Thursday, November 10, 2011

Culture Corner: China - Leadership Ideals

Long before the Greeks ever promoted democracy, in fact while humans still needed their appendixes, wore animal skins, and grunted their pronouns, the Chinese were a refined society.  They had universal money, a comprehensive written language, and a system of government that to me seems to have been the most objective ever created (ignoring that whole blood reign thing for a moment). As it juxtaposes itself quite nicely beside the present system, let me tell you about it.
First and foremost, Chinese governments of old were a monarchy. But everyone knows one person cannot control millions; they needs aides, advisors, and administrators just as our present leaders do.

But contrary to our current system, the important political figures of ancient China did not demean themselves by selling their souls to the common man all for a trivial vote, rather there was a discriminatory system to determine who ascended through government, instead.  Was it based on the money a candidate had, property they owned, or businesses bribing—ahem, lobbying—them ?  Was it who seemed to have the populace foremost on their mind when plying for office?  (“No new taxes. I repeat, no new taxes.”)  No, it was having something far better: wisdom.

In looking at the strata of exams which determined who rose higher or lower in Chinese government, it’s obvious to me they were aware one facet measuring a good leader is their brains, not his wallet or ability to appeal to NASCAR watching, professional wrestling loving, pizza gluttons.  “I know, I’ll oppose gay marriage and then they’ll vote for me...”  Something not unlike Plato and Socrates’ philosopher kings, it was thought that only the truly intelligent would rise through this strata of exams, and therefore best be able to look after the well being of the people.  This is obviously in direct opposition to the Western democratic system.  (Imagine if any of our senators or representatives had to get a get a certain score on something so common as an IQ exam.  Would they pass?  (Not the greatest piece of journalism, there are still some very humorous moments of Bill Maher’s Religulous as he interviews an American senator and receives whole new additions to the English language in the process.) Doesn’t this beg the question: are not the intelligent better able to lead people?  Wouldn’t it be better to ensure the wise lead, rather any Joe (or George) with naught but connections and money for a campaign?

It goes without saying that the situation in China was ripe with culture during these times. The eternally subjective provokers of thought: art and philosophy, were held in similar esteem to material pursuits.  Among the emperor’s closest friends were some of the best poets of the respective era, and artisans flourished, including music, pottery, embroidery, theater, at all levels of society. A Liu Fan painting could be identified at fifty feet by the common man and the words of Confucius were quoted by schoolchildren. A person was judged by their calligraphy, ability to play Chinese chess, the er-hu or zither, and write poetry.  The brand of car you own, size of your… high-definition television, or the health of your lawn were not the only key indicators measuring success in the world. What a truly interesting country America would be if the majority held the arts in such esteem!!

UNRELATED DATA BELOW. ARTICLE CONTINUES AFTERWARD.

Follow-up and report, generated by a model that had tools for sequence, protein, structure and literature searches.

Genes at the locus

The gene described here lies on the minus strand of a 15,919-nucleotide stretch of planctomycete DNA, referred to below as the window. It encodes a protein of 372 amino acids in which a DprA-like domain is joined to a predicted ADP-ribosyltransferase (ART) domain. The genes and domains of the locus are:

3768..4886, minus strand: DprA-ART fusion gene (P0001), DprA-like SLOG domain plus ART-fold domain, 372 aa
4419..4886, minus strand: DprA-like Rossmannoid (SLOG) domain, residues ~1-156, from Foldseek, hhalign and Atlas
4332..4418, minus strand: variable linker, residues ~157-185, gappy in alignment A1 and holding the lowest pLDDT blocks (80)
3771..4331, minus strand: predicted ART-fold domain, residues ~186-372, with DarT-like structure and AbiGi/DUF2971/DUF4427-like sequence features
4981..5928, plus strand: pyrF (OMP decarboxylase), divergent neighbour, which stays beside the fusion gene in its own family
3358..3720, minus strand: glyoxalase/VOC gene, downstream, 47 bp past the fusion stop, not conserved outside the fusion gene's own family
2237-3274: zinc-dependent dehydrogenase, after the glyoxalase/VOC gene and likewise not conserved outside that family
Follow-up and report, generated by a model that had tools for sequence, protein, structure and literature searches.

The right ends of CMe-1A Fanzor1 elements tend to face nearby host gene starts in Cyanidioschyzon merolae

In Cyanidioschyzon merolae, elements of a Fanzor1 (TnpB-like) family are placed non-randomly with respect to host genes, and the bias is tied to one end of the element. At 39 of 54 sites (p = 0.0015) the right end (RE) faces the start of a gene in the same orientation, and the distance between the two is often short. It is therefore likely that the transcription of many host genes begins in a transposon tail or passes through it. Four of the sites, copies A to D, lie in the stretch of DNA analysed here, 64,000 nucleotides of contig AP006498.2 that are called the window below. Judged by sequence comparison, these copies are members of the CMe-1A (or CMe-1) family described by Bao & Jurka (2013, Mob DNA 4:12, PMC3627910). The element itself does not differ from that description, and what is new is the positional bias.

Unfortunately, America and now China have given up on intellectual pursuits and are focusing their attention on strictly material gains. (Isn’t it always easier to take the low road...)  Acquiring not just wealth, but as much wealth as possible, are what we reach for now. Philosophy and the arts are practiced by a dwindling few, and our leaders are not setting the bar for intelligence. Certainly we are experiencing a degeneration.

I would offer that buying the latest mobile phone provides temporary satisfaction until a more advanced model comes out and you are left needing again.  But painting a picture or writing a poem are pieces of permanent gratification that can be looked upon over a lifetime without need of an update. This is the same juxtaposition that exists within the situation of our leaders being elected into office by a tribe that floats with the flavor of the month.  Not the blind leading the blind, an intelligent leadership sieved like gold seems better able to make informed decisions - not just knee jerk reactions - that have a better chance of truly benefiting society in the long run. Think about it.

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